Christian Spiess, University of Goettingen, Germany
Historical Learning and the Use of Evidence in the History Classroom
For at least 35 years, prominent exponents of history education in Germany have stressed how crucial it is for students to deal with sources and to use them as historical evidence – just like historians would. Following their claim, students are able to reach a higher level of historical understanding by working with the remains of the past. In recent years, this claim has been renewed and substantiated as the educational discourse in Germany was marked by a shift towards students’ competencies and a focus on what students should be able to practice in a competent way at certain stages during their course of education. History education reacted by drafting different and more or less complex structural models of historical competencies (Sauer, 2006; Körber/Schreiber/Schöner, 2007).Within the logic of these models, reconstructing the past from sources once again emerged as a key concept. It was argued, for instance, that using historical evidence would foster competent historical perspective taking and allow an insight into the constructive nature of history. In other words, students examining sources would understand that history is not just a set of dates and events. Ultimately they would, as the British National Curriculum puts it, “learn the facts” as well as “learn the discipline” (Lee, 1991, p. 40).
However, whether the use of evidence in the history classroom lives up to these expectations is doubtful. Previous studies focussing on German 9th graders describe profound difficulties in reading comprehension and conclude that a majority of students in 10th grade are unable to define the term “source” (the German Quelle) correctly (Beilner, 2002; Langer-Plän, 2003). These empirical findings allow us to assess what students do or do not know, however, in order to enhance historical learning, we also need to understand how these test results came into being, e.g. where typical misconceptions originate from. Therefore, it seems indispensable to examine how sources are being dealt with in class. As a consequence, my study focuses on the question of how students and teachers deal with historical evidence during everyday history lessons. Which ideas and epistemological concepts apply, which competencies are being activated or acquired and what difficulties arise in the process?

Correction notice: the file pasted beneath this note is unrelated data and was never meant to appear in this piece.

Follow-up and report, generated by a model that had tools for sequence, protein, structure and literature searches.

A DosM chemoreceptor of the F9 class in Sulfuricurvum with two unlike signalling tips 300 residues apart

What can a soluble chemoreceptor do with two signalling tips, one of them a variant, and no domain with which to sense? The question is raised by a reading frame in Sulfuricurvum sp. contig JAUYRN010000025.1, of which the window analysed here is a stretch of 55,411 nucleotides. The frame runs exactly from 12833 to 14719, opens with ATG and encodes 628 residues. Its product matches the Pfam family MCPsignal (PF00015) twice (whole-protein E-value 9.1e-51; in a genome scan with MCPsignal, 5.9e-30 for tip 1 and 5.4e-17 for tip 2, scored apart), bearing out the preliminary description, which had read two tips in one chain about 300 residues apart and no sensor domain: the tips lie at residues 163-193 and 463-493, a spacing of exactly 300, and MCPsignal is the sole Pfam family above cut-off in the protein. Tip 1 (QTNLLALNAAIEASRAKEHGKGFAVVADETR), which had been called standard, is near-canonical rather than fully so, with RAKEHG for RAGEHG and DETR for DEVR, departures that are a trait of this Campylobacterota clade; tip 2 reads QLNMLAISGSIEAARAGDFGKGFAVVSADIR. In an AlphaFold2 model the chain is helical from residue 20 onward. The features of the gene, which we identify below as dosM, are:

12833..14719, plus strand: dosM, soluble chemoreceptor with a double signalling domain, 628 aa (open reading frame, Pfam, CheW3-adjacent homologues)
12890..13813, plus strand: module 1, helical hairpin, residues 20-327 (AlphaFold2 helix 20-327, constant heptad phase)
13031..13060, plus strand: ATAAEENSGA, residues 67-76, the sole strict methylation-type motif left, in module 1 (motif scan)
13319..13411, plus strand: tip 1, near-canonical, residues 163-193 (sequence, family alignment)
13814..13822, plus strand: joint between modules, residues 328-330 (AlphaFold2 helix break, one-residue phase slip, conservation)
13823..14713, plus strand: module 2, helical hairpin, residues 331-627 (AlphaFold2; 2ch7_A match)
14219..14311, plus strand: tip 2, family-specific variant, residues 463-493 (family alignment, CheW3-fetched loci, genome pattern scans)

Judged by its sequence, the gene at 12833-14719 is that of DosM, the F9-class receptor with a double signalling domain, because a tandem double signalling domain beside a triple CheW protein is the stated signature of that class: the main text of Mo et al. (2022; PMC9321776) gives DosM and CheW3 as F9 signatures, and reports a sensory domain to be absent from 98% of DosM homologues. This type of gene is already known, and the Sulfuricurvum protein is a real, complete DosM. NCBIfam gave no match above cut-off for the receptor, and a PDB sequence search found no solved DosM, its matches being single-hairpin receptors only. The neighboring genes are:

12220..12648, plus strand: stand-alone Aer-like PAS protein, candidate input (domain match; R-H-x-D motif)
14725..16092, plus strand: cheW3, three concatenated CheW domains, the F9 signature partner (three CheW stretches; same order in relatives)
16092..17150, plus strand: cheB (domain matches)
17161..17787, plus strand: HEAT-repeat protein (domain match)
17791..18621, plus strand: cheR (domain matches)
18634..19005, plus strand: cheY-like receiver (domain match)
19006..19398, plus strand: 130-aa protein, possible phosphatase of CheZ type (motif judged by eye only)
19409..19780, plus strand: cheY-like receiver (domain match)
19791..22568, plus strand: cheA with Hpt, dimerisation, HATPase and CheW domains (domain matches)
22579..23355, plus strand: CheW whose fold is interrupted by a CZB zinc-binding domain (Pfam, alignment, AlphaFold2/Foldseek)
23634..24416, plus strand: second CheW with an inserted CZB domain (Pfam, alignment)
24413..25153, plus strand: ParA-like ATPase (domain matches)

In order to examine these questions, I chose a design that is both simple and non-invasive. Per learning group, I audio- and videotape a total of four history lessons. For each of these lessons, I ask the teachers a) to work with at least one source per lesson and b) to let the class do this in small groups at least once during the four lessons. All other aspects (incl. topics and types of instruction) are to be determined by the teacher or the context of the lesson within the curriculum. The idea behind this open and somewhat vague approach was to let the “field”, i.e. learners and teachers within the institutional framework, decide on their own priorities, rather than imposing preselected materials or learning arrangements on them. Due to the largely unknown nature of the field, this approach seemed necessary as well as in line with the documentary method(1), which is used to interpret the audio transcripts. By comparing various passages in which sources are used, the goal is to form ideal types which describe how sources are used in class. As a second step, these empirical findings shall be interpreted against the background of the normative aspects proposed by history didactics, in order to make empirically founded suggestions that might enhance the use of historical evidence at school.